Phoenix police officers were dispatched to Stephan Shere's apartment on Oct. 4, 2022, after his sister called 911 and reported being worried that Shere was suicidal.
What happened next resulted in Shere being hospitalized, after which police charged him with seven counts of aggravated assault before jailing him for two days.
The welfare check gone very wrong is detailed in a lawsuit filed Oct. 3 in Maricopa County Superior Court. It accused nine officers, police Chief Michael Sullivan and the city of excessive force that violated Shere's constitutional rights, battery, intentional infliction of emotional distress, failing to intervene and negligent hiring.
Shere previously had been diagnosed with PTSD and allegedly was having a mental breakdown when police checked on him, according to the lawsuit. Officers arrived at Shere’s apartment armed with Tasers, less lethal shotguns filled with beanbags and a ballistic shield.
At first, Shere chose not to allow the officers into his home. Because Shere was not being arrested, he legally had the right to not engage with officers, the lawsuit stated.
“I closed the door on him the first time, but I felt that was rude, so I wanted to go out there,” Shere told Phoenix New Times in an interview.
When Shere opted to open the door, he looked around the corner into the hallway and spotted several armed officers.
“That’s when everything changed,” Shere said.
Lawsuit: Beaten, tazed without provocationUpon seeing the armed officers, Shere retreated back into his apartment. Officers then proceeded to knock on his door as they tried to cajole Shere into letting them into the residence, the lawsuit alleged.
When Shere finally relented and opened his door, his service dog, a brindle pit bull named Max, wrestled free of Shere and ran into the hallway.
According to the lawsuit, once Max escaped, officers discharged their weapons and struck Shere with both a Taser and beanbags.
“I tried to get my dog back and they shot me with the Taser and the beanbag, I believe at the same time,” Shere said. “And then once I fell to the ground, they ran up to me with the ballistic shield and hit me on the head with it. That split my head open and caused me to black out.”
The officer who used the ballistic shield, Daniel Snyder, wrote in his incident report that “Stephan’s head started to raise back up, and the ballistic shield struck his head.”
Shere was taken to a hospital to treat his injuries, then he was jailed for two days.
According to the lawsuit, Shere was charged with seven counts of aggravated assault “under the pretense that (Shere) sent his dog, Max, out to attack” the officers. However, incident reports from the involved officers indicated that Max was docile and friendly.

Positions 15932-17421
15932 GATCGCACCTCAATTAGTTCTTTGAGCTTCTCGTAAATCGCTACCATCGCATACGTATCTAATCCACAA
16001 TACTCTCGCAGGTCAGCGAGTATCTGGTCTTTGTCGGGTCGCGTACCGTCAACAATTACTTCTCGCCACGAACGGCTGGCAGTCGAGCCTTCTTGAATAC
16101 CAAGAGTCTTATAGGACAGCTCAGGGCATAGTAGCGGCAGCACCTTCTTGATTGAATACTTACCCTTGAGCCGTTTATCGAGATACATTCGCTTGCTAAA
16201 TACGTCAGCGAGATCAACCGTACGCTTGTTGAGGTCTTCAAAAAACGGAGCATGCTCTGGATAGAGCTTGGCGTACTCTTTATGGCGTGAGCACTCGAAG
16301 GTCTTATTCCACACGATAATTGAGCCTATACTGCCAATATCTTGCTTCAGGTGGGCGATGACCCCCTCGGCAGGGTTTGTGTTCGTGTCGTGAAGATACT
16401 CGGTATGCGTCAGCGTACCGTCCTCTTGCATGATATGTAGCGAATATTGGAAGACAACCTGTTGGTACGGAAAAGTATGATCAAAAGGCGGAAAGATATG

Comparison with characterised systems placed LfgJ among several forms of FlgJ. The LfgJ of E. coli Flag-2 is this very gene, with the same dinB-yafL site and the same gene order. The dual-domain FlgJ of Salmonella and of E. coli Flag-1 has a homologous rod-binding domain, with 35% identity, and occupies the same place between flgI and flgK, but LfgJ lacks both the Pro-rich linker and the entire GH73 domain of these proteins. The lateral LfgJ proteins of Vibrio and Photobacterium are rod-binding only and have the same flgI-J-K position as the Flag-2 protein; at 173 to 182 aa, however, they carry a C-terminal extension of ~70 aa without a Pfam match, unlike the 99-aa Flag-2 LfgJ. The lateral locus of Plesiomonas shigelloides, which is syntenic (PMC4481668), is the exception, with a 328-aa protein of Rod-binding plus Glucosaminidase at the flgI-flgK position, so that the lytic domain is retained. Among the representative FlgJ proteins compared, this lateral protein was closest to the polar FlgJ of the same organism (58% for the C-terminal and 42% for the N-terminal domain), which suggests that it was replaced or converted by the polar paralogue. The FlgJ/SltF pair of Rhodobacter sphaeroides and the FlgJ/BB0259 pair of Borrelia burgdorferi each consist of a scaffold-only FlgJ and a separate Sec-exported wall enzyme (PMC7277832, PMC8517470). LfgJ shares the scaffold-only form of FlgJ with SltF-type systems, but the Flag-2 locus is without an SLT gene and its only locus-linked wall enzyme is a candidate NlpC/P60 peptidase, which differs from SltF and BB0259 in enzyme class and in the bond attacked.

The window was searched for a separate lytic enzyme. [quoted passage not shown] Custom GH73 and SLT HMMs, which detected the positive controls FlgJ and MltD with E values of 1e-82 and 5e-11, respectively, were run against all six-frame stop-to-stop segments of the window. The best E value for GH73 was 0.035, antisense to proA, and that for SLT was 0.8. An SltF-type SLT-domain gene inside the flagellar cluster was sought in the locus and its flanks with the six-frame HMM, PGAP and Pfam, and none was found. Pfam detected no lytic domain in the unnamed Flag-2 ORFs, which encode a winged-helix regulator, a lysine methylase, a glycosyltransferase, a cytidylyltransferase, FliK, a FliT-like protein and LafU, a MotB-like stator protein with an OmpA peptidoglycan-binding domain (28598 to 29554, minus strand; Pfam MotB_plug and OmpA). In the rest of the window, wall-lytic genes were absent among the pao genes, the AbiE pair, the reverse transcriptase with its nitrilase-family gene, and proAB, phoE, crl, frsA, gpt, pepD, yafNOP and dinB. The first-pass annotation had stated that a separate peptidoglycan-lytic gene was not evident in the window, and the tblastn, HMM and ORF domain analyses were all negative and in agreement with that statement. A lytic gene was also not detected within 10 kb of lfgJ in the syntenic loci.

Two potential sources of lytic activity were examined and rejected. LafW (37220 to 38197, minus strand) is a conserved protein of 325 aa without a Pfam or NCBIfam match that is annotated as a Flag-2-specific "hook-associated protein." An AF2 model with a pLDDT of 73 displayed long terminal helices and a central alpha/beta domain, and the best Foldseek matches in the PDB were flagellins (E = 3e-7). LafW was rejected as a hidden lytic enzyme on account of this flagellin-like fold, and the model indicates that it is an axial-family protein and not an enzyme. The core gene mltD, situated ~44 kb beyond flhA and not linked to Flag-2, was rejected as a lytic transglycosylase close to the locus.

The Maricopa County Attorney's Office dropped all seven charges against Shere on Oct. 6, 2022.
‘Unwarranted, reckless force’The lawsuit alleged that three of the officers — Snyder, Christopher Gitsch and Eric Summerville — "objectively used excessive force" against Shere. The suit stated that other officers listed as defendants failed to prevent fellow officers from “using unwarranted, reckless force.”
Shere was unarmed at the time of the incident, according to the lawsuit.
“Instead of trying to defuse the situation and ensure Shere was safe, police officers escalated the contact to the point of physically attacking (Shere),” the lawsuit stated. “With no provocation, Stephan was beaten and tased by officers — sustaining physical and mental injuries that could be life-long.”
The lawsuit argued that Phoenix police continue to use excessive force instead of de-escalation techniques.
“If de-escalation was truly a priority, (Shere) would not have sustained injuries,” the lawsuit stated.
The suit asked for a jury trial, damages "to punish the wrongful conduct alleged" in the lawsuit, and attorneys and court fees
Sgt. Phil Krynsky, a spokesperson for the Phoenix Police Department, said on Nov. 27 that the city is aware of the suit but hasn't yet been formally served with it.
The lawsuit comes as the agency remains under a two-year investigation by the U.S. Department of Justice for excessive use of force, among other suspected civil rights violations.
Phoenix police officers have shot and killed 11 people so far this year. Officers were also involved in five other fatal incidents. In some of those cases, the Maricopa County Office of the Medical Examiner determined that the deaths were not caused by officers.